Fishing Trial Lake in the High Uintas
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Fishing in the high Uintas can be quite unpredictable. I guess you could call me a dedicated Uintas fisherman. I love to fish this high country. You never run out of things to do or get bored. The Uintas have such a wide array of different lakes, ponds and streams, in addition to great camping spots and scenic views all along the Mirror Lake Highway.
One of my favorite spots is Trial Lake. I had one trip there I'll never forget. Trial Lake is heavily fished all through the summer months of June, July and August, but it's an enjoyable place to go for fairly constant action.
Larry Sanders and I set off for the Uintas. We got to Kamas about 8 a.m. and were at Trial Lake by 8:45. We quickly set up and casted out. Larry, sitting right next to me, was having some troubles with his reel and was able to cast out only four or five yards.
But while I was getting only a few bites, Larry was reeling them in right and left. He even pulled in a very nice grayling. You know how frustrating situations like this can be. You put the same bait on as your fishing partner, you cast into the same spot, your fishing techniques are similar. But he catches fish and you don't.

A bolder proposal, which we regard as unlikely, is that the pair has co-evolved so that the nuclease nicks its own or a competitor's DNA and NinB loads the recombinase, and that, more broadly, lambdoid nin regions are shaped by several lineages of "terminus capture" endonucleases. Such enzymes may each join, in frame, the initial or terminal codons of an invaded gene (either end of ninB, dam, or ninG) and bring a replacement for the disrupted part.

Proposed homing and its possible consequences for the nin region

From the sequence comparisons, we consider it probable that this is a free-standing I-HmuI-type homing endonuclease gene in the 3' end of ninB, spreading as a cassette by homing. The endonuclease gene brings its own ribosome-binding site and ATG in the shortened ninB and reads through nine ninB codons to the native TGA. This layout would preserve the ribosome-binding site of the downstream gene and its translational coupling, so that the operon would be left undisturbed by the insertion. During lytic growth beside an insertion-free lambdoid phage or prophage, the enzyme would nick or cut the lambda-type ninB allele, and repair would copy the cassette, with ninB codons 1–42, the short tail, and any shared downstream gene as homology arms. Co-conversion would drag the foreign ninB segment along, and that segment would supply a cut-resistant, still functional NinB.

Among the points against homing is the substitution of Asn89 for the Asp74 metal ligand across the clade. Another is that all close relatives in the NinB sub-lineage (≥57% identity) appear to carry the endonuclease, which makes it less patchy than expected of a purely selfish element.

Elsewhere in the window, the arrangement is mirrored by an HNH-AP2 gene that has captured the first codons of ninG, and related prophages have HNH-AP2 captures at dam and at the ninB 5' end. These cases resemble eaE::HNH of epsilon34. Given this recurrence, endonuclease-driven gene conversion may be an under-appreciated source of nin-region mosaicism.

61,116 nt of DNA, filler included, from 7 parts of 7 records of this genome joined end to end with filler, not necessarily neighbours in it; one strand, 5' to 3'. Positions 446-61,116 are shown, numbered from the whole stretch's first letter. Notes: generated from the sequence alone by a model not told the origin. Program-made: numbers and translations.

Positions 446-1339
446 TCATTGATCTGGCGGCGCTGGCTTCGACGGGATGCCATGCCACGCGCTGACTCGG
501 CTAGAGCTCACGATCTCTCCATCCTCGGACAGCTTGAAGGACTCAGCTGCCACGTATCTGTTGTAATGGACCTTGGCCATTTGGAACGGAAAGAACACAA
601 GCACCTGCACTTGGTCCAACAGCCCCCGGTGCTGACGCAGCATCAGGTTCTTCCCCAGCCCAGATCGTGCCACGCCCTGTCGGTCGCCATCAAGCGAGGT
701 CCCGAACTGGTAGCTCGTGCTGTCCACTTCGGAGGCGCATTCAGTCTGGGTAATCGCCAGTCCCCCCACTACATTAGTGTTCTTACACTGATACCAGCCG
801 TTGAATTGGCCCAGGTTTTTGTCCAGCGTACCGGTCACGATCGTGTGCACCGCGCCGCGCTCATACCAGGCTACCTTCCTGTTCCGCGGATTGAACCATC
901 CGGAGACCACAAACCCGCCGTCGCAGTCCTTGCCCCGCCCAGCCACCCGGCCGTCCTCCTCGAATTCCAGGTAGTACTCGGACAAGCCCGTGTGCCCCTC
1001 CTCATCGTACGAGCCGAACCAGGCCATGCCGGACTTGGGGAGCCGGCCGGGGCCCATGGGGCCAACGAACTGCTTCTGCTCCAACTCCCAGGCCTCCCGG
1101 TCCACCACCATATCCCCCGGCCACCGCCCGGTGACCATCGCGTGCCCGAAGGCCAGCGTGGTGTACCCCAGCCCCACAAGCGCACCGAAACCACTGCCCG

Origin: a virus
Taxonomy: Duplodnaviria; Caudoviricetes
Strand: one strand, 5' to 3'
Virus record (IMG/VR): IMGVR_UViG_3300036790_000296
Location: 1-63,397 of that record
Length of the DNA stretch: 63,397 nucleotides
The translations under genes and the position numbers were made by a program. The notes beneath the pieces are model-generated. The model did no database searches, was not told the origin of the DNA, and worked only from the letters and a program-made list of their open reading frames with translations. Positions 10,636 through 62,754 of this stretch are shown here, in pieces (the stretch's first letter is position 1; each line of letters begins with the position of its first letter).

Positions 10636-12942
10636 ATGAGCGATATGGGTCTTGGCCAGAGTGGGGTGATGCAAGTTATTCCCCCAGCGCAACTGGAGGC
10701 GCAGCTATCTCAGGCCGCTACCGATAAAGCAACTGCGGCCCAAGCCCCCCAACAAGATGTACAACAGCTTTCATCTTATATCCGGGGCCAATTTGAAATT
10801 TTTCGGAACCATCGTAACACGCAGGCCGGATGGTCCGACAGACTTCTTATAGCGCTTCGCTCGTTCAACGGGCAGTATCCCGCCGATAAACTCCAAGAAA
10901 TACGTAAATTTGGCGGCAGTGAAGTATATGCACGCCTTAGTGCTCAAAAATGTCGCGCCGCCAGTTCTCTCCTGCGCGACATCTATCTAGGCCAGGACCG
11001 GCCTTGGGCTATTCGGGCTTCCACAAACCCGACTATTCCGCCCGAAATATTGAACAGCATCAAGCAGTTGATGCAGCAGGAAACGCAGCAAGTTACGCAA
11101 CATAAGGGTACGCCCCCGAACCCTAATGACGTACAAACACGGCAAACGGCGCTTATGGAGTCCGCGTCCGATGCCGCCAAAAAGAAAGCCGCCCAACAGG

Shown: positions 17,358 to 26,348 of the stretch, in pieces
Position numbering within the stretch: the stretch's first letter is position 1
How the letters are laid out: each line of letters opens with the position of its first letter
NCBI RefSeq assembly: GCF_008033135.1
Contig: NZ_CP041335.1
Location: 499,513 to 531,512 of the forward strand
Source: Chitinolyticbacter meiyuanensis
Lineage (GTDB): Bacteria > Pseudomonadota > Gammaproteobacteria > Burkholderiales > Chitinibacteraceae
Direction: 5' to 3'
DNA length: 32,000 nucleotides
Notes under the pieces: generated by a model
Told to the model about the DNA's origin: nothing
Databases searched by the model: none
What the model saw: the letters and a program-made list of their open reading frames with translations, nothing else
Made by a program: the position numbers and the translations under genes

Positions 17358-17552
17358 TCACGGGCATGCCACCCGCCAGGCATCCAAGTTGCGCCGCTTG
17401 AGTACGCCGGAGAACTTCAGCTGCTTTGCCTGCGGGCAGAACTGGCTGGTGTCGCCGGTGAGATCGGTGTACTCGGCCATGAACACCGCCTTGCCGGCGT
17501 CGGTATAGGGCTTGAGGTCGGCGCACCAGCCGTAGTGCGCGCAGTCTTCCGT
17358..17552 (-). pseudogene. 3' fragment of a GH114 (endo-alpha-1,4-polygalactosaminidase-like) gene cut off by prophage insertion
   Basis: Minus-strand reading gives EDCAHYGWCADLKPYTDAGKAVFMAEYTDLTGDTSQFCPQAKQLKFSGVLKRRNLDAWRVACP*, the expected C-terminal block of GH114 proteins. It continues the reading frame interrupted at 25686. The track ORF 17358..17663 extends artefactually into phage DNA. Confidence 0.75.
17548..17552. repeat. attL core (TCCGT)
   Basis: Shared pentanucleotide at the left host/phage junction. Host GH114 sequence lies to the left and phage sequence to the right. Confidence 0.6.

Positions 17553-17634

It must be a freak of nature. To top it off, he reels in a 15-inch trout.
Now any angler at this point can either get mad or leave. So I left!
I told Larry I was going to fish the stream that flowed out of the lake. He decided to come along. We climbed over the road and observed the stream. Water was gushing out of a pipe with such excessive force that we thought no way anything could hold in this spot. But I dropped my line in anyway.
I couldn't believe it, but I got a strike almost immediately. I gave him a few seconds and jerked back my rod. Slam! While my friend watched skeptically, I reeled him in to the sandy shore. He wasn't a record, but was bigger than most trout we catch in the Uintas.
Anyway, it turned out to be a pretty great day for both of us. We continued to catch fish from the stream for most of the day.
Please release all fish. It is vital to the future of fishing in this beautiful state of ours.